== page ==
"From previous studies, we know that the expression of a few genes is coupled to methylation changes in response to stress," says first author Robert Dowen, who worked on the project at Salk with Ecker and is now with Massachusetts General Hospital in Boston. "Our findings, however, show that exposing a plant to stress triggers a multitude of methylation changes that help the plant defend against invading pathogens."

Plants use a sophisticated series of defense mechanisms to restrict the growth of parasitic bacteria upon infection by stimulating various hormonal signals that trigger alterations in gene expression networks. The Salk findings and other recent studies suggest that these cellular defense responses engage the DNA methylation machinery to impart control over gene expression networks. Epigenetic changes in the genetic material, including changes in DNA methylation patterns and modifications to histones (proteins which play a key role in gene regulation), can alter the expression of a gene without changing its DNA sequence.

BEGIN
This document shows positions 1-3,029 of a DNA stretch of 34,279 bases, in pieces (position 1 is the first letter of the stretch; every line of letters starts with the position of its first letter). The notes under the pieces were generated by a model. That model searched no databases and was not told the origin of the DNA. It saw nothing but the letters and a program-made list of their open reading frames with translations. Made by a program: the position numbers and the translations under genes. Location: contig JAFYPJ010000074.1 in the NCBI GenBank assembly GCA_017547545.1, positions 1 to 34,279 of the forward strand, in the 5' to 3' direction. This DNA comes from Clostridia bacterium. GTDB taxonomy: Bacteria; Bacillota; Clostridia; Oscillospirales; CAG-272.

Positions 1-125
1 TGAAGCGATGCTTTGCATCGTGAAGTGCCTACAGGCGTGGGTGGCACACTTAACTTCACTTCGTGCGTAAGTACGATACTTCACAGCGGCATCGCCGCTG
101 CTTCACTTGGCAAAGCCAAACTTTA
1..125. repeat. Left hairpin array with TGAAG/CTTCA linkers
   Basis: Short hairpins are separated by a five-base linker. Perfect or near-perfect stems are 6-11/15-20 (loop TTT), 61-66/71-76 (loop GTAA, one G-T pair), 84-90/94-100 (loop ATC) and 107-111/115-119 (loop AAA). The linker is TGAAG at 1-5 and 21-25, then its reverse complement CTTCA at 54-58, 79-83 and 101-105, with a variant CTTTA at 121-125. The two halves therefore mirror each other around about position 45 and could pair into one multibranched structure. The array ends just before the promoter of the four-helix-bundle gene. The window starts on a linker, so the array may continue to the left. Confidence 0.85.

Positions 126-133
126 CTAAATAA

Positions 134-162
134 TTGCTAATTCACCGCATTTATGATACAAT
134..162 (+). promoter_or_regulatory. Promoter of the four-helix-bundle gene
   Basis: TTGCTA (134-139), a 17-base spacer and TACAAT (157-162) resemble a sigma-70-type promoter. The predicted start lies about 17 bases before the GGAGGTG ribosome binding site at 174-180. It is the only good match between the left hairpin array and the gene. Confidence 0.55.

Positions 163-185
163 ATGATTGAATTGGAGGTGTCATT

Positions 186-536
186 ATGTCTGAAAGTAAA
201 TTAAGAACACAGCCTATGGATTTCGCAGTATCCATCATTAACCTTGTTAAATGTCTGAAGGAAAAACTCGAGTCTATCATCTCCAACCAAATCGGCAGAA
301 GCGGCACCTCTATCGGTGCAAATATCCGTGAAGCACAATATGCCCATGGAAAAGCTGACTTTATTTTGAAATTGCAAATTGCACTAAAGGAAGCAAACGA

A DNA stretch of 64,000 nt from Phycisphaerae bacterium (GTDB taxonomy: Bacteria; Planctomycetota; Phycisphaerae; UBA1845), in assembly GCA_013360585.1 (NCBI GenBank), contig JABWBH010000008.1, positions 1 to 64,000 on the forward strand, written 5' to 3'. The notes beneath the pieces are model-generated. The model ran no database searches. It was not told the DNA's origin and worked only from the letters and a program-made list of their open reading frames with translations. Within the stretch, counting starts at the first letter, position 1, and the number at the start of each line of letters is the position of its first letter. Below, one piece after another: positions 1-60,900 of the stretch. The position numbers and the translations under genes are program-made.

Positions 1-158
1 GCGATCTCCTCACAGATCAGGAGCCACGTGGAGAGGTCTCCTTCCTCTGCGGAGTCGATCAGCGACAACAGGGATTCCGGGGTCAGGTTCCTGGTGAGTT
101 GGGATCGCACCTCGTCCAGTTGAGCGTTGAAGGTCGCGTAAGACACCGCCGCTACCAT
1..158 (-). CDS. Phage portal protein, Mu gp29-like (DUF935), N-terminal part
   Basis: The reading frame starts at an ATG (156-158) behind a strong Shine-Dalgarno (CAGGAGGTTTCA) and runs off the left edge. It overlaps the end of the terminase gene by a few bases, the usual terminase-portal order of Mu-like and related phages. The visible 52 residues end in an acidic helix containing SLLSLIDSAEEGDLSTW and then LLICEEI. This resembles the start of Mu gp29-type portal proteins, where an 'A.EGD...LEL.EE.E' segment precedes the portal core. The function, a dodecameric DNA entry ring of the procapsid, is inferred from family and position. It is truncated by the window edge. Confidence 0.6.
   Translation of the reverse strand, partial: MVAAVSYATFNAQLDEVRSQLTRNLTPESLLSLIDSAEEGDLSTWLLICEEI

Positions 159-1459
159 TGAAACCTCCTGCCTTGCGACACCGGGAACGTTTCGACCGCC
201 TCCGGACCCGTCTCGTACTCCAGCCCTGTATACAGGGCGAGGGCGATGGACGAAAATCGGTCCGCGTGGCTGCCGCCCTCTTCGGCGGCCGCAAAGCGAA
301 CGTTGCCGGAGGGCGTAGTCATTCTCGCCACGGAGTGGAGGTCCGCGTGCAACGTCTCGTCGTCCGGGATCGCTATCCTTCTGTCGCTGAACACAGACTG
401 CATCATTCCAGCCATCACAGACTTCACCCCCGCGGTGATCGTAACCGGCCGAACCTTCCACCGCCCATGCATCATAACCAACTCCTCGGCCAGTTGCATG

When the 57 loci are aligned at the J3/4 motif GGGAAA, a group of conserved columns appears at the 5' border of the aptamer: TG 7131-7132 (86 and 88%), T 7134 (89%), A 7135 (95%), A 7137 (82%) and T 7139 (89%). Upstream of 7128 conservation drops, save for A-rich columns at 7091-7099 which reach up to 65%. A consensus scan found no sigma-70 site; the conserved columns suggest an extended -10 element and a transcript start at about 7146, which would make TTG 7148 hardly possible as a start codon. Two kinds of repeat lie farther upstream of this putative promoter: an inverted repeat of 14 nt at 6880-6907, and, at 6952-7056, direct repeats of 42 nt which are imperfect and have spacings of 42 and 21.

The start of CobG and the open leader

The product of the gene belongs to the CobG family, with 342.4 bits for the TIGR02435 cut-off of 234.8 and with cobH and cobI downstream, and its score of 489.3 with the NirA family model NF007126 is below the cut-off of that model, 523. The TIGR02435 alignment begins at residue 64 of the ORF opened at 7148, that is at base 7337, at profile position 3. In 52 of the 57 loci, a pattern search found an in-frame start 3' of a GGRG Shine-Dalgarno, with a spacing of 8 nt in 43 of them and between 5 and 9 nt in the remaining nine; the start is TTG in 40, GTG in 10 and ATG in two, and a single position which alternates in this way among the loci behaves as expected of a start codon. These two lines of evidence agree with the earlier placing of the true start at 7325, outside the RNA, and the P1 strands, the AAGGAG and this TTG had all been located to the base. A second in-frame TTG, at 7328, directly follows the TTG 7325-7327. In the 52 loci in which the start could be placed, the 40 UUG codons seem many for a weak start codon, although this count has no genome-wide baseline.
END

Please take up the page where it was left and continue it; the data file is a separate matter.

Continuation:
In addition, molecules called small interfering RNAs (siRNAs) are intimately connected with DNA methylation, especially at the jumping genes, where these siRNAs direct the methylation process. Surprisingly, the researchers found that the levels of these siRNAs also change during infection at specific transposons and correspond to activation of these mobile DNA fragments. These findings illustrate the dynamic nature of the epigenome in response to stress.

The Salk findings may have broad implications for agriculture, including engineering the DNA methylation patterns of plants to generate pathogen-resistant crops and minimize pesticide exposure. These application technologies are of intense interest, as more than 30 to 40 percent of annual crops are lost to pathogens each year at a cost of some $500 billion.

A recent study published in Plant Physiology suggests that memory of environmental conditions may be passed transgenerationally, as plant defenses are primed in the progeny of plants whose parents have already been exposed to pathogens. "While this phenomenon is poorly understood, it is of wide interest and is being intensively studied in the field," says Dowen. "We think our findings may provide a framework for directly testing whether the methylation changes that we observed are passed to the progeny or whether a similar mechanism may be occurring in human cells."